Cindy was flying high and on her way until one day during training, she experienced a dreadful mishap. While rounding a corner, Cindy crashed into a group of skaters. Her right arm was cut from her wrist to the elbow by a skater’s blade. It sliced through 12 tendons, a nerve, and a major artery. Everyone felt that Cindy’s skating season was over but two months later, she was training again with a splint on her arm. Cindy’s 2004 to 2005 season was very successful. She won the World Cup title in the 1500 meter as well as first place in the 1500 meter and 3000 meters at the World Single Distance Championships.
At the 2006 Winter Olympics in Torino, Italy, Cindy won a bronze medal in the 3000 meters, a silver in the 1000 meter as well as a team silver in the Pursuit. She struck gold in the 1500 meter race which was her specialty. In her most dreaded race, the 5000 meters she won a bronze. Cindy Klassen will go down in the Canadian sporting records as the first Canadian Olympian to win five medals in one Olympic Games and the only Canadian with six Olympic medals.
|2002 Salt Lake City||Speed Skating – Long Track||1,000m – Women||13|
|2002 Salt Lake City||Speed Skating – Long Track||1,500m – Women||4|
|2002 Salt Lake City||Speed Skating – Long Track||3,000m – Women||Bronze|
|2002 Salt Lake City||Speed Skating – Long Track||5,000m – Women||4|
|2006 Turin||Speed Skating – Long Track||1,000m – Women||Silver|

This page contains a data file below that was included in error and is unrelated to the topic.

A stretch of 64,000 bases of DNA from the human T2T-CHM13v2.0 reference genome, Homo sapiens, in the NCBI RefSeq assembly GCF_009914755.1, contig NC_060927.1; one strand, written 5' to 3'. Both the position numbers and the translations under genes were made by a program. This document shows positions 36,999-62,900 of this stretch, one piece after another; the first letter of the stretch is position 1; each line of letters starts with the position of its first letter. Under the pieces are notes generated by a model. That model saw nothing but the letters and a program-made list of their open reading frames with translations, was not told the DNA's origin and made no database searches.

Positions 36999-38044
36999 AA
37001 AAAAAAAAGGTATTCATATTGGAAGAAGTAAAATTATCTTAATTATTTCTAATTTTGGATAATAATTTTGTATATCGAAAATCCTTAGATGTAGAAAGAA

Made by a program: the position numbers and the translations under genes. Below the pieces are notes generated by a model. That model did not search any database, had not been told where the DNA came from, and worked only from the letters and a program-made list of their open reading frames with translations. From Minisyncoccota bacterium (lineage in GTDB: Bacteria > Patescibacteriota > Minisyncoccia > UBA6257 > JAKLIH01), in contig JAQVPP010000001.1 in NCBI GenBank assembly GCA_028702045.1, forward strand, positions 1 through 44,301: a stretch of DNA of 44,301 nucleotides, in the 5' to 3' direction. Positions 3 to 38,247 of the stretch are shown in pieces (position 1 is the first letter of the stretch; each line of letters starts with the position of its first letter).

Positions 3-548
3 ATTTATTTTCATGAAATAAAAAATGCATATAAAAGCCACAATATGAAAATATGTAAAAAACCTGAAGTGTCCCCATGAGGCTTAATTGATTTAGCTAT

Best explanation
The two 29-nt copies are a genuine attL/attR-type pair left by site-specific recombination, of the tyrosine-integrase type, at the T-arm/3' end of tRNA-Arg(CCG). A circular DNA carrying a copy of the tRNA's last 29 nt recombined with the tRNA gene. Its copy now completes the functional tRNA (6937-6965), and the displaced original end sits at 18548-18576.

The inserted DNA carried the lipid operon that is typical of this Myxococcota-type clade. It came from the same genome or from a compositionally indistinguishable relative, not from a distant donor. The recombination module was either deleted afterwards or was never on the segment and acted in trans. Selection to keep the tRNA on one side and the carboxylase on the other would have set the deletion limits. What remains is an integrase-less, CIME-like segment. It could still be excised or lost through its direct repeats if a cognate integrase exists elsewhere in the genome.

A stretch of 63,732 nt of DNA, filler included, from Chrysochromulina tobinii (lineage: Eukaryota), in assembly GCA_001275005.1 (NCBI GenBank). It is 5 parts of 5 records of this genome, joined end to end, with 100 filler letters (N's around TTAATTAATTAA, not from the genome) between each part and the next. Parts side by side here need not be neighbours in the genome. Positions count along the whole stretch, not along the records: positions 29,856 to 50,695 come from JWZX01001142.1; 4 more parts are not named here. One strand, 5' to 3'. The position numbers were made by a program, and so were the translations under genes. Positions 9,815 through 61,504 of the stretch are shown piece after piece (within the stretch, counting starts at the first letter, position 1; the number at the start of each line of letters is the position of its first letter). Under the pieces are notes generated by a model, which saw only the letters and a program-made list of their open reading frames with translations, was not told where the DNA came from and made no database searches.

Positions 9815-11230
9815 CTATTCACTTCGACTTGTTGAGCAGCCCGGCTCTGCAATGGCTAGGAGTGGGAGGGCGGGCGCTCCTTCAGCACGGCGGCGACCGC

|2006 Turin||Speed Skating – Long Track||1,500m – Women||Gold|
|2006 Turin||Speed Skating – Long Track||3,000m – Women||Bronze|
|2006 Turin||Speed Skating – Long Track||5,000m – Women||Bronze|
|2006 Turin||Speed Skating – Long Track||Team Pursuit – Women||Silver|
|2010 Vancouver||Speed Skating – Long Track||1,500m – Women||21|
|2010 Vancouver||Speed Skating – Long Track||3,000m – Women||14|
|2010 Vancouver||Speed Skating – Long Track||5,000m – Women||12|
|Women’s speed skating|
|500 m||37.51||March 18, 2006||Olympic Oval, Calgary|
|1000 m||1:13.11||March 25, 2006||Olympic Oval, Calgary|
|1500 m||1:51.79||November 20, 2005||Utah Olympic Oval, Salt Lake City||Former world record|
|3000 m||3:53.34||March 18, 2006||Olympic Oval, Calgary||Former world record|
|5000 m||6:48.97||March 19, 2006||Olympic Oval, Calgary||Current Canadian record|
|10000 m||15:17.63||March 25, 2002||This, Heerenveen|
|Mini combination||155.576||March 15–17, 2001||Calgary|
|Small combination||159.723||January 25–26, 2003||Salt Lake City|
|1500 m||1:53.87||January 9, 2005||Salt Lake City|
|Small combination||159.605||January 8–9, 2005||Salt Lake City|
|1500 m||1:53.77||October 28, 2005||Calgary|
|3000 m||3:55.75||November 12, 2005||Calgary|
|1500 m||1:51.79||November 20, 2005||Salt Lake City|
|Small combination||157.177||January 21–22, 2006||Calgary|
|3000 m||3:53.34||March 18, 2006||Calgary|
|Small combination||154.580||March 18–19, 2006||Calgary|
|1000 m||1:13.46||March 24, 2006||Calgary|
|1000 m||1:13.11||March 25, 2006||Calgary|
|Sprint combination||149.305||March 24–25, 2006||Calgary|
|Mini combination||155.456||December 28–30, 2006||Calgary|
|Mini combination||154.543||November 11, 2007||Salt Lake City|